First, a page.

Run to freedom in Calif. honors post-9/11 war dead
The Record, Stockton, Calif.
STOCKTON, Calif. — A dozen years after 9/11 and nine years after her son died in Iraq, 58-year-old Jan Martinez still remembers the men at the door.
"When you see the soldiers standing there, you know," she said. "For a second I wondered, 'If I close the door, will they go away?' "
Of course, they didn't, and Martinez received the crushing news that her son, Army Pfc. Jesse Jack Martinez, 20, had been killed near Mosul, Iraq.
At the time, he was the 10th soldier with San Joaquin County ties - the fourth from Tracy - to die in military operations following the terrorist attacks on the United States.
Since Sept. 11, 2001, 740 Californians have given their lives in either Iraq or Afghanistan - 33 of them with county connections.
Jan Martinez and a coalition of Gold Star Moms and active-duty personnel at Travis Air Force Base are doing what they can to remember those who have died.
For the second year in a row, they have organized a California Run for the Fallen, a three-day, 150-mile event that involves posting American flags and small biographical cards, one for each of the state's 740 war dead.
The runners, in groups of four, will stop at one-mile intervals, plant and salute the flags, read the names of those who have fallen and then move on. Eighty to 100 runners, most of them stationed at Travis, are participating.
"Our intent is to create a 150-mile long memorial trail through California," organizers have declared.
Two-thirds of the course winds through San Joaquin County. The run starts Friday night in Elk Grove, then enters the county at dawn Saturday on Lower Sacramento Road just north of Liberty Road. All day Saturday, groups of runners will stop and go at dozens of Hero Markers in Acampo, Lockeford, Lodi, Stockton, Manteca and Tracy.
A primary north-south artery will be West Lane as it becomes Airport Way. Runners will head west when it turns into Durham Ferry Road and then turn north into Tracy on Chrisman Road. It zig zags inside the city limits.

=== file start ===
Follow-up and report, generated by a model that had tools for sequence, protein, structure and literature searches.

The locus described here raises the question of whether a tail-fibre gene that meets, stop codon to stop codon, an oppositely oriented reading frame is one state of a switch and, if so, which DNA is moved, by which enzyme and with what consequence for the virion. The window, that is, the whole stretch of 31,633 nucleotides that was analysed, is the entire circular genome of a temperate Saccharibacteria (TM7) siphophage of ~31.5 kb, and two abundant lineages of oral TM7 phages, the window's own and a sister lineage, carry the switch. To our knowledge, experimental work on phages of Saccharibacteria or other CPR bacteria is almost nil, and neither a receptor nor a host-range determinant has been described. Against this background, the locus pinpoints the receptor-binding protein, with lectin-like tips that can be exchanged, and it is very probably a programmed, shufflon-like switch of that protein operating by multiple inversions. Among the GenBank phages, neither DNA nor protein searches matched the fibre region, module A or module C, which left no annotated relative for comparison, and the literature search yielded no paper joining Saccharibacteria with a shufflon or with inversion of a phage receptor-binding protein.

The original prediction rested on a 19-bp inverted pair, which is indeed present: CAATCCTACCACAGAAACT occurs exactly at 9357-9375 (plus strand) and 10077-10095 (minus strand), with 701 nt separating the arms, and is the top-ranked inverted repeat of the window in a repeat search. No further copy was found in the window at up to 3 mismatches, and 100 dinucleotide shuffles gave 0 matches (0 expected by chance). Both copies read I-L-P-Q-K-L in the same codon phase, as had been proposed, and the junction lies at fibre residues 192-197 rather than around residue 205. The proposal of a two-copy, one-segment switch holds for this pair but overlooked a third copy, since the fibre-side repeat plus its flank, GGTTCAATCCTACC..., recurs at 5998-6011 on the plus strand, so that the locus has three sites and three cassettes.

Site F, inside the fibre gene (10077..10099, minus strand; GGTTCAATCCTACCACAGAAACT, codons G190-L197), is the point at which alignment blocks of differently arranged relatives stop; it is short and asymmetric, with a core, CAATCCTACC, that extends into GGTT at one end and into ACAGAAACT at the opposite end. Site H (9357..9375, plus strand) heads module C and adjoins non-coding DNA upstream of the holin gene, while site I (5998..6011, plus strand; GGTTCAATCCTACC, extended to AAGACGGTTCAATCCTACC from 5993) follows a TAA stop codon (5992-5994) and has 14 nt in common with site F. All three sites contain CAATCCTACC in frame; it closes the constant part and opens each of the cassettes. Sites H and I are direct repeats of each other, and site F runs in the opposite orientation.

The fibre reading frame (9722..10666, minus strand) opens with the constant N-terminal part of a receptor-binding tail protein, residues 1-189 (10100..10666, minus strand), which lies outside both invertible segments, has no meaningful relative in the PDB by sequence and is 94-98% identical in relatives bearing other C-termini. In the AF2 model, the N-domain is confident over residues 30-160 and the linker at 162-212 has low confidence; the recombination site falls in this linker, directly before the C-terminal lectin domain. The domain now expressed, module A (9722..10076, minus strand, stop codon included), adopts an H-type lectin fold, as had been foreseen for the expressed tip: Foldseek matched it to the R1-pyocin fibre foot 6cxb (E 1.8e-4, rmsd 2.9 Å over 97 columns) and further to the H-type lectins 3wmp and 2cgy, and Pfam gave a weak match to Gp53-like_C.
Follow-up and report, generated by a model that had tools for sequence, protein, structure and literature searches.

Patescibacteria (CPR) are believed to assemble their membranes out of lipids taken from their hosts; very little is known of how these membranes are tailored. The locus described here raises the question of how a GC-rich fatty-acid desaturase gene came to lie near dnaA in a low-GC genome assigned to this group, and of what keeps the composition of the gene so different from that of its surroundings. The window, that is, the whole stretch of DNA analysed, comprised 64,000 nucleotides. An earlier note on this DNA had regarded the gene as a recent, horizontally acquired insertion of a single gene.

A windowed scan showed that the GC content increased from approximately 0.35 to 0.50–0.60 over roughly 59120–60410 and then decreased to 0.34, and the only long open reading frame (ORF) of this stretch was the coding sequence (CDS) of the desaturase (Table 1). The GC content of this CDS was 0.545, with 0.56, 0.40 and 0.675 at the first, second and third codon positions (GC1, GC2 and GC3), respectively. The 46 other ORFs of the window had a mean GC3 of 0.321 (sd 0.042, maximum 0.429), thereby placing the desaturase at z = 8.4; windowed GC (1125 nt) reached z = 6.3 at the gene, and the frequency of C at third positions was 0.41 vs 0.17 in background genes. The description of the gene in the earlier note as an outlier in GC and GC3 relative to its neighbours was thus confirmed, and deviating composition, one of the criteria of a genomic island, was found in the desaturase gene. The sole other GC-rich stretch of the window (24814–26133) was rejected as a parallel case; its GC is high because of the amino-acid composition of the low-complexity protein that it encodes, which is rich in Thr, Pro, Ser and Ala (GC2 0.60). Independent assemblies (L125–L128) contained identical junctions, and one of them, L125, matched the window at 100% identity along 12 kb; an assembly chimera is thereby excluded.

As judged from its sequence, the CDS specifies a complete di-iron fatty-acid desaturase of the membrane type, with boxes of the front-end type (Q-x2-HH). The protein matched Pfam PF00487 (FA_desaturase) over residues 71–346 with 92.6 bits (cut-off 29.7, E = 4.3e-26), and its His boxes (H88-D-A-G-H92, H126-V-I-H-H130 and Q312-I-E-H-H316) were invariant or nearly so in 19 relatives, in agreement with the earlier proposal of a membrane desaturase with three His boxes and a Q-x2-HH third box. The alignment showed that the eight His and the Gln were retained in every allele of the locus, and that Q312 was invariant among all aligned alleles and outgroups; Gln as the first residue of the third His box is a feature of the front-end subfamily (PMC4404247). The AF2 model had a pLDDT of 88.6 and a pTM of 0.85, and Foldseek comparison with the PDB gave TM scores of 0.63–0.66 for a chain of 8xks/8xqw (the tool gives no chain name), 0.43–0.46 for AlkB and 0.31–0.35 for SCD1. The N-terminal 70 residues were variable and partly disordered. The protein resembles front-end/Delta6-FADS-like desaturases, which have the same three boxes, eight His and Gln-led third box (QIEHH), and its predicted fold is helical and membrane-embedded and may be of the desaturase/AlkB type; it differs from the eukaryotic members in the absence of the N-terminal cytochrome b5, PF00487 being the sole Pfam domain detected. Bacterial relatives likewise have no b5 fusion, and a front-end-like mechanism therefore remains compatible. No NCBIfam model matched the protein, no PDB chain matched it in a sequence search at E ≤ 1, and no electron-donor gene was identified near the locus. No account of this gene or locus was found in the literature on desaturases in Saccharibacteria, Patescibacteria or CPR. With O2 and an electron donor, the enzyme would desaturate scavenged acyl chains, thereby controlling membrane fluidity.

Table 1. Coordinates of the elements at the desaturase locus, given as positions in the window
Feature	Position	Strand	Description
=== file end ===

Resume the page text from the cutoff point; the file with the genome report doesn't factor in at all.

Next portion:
One of Saturday's highlights will take place about 5:30 p.m. at Tracy Cemetery near the corner of Schulte Road and MacArthur Drive.
Jan Martinez will be there.
Her son and Marine Lance Cpl. Brandon Christopher Dewey, also 20 when he was killed in Iraq, are buried at the cemetery. The East Union High School Jr. ROTC cadets will provide a color guard and the runners will pause for a special ceremony.
"They are staying overnight in Tracy," Martinez said. "We're planning a dinner for them at St. Paul's Lutheran Church before they take off the next morning headed north for Dixon."
The run ends Sunday afternoon at the Sacramento Valley National Cemetery just off Interstate 80. Those flags and bio cards not planted along the way will create a "field of flags" at the veterans' cemetery.
One of the more famous individuals to be memorialized will be Army Cpl. (posthumously) Pat Tillman, a former NFL player killed in action in 2004 by friendly fire in Afghanistan. Tillman will be remembered at Hero Marker 41 on West Lane just south of Hammertown Drive in northeast Stockton.
Runners will plant Tillman's flag and bio card at 11:10 a.m. Saturday.
"It's 1 percent of our country that's carrying these wars," said Karen Meredith of Mountain View, who works with the media for the Gold Star Moms. "We want to remind the people of California that these troops have stood up for the state. We don't want to forget."
She said the extensive use of San Joaqiun County's highways and back roads for an event memorializing military personnel statewide was intentional.
"It made sense with the logistics," she said. "We were there last year and the course has been set, plus it is close to Travis. And there has been strong support from the law enforcement agencies."
The Patriot Guard Riders, a veterans' motorcycle organization with a large county membership, will help provide escort.
Jan Martinez echoes the notion of never forgetting.
Tracy, with a population of 84,200, has lost nine young people to the war on terrorism, one of the highest rates per capita of any city in the United States. Tracy has named several of its streets after those who've fallen.
"When those soldiers came to my door, I told them I felt sorry for them," she said. "I'd been a military wife for a long time. I just don't want people to forget.
"We shouldn't forget our kids. I want to keep Jesse's memory alive."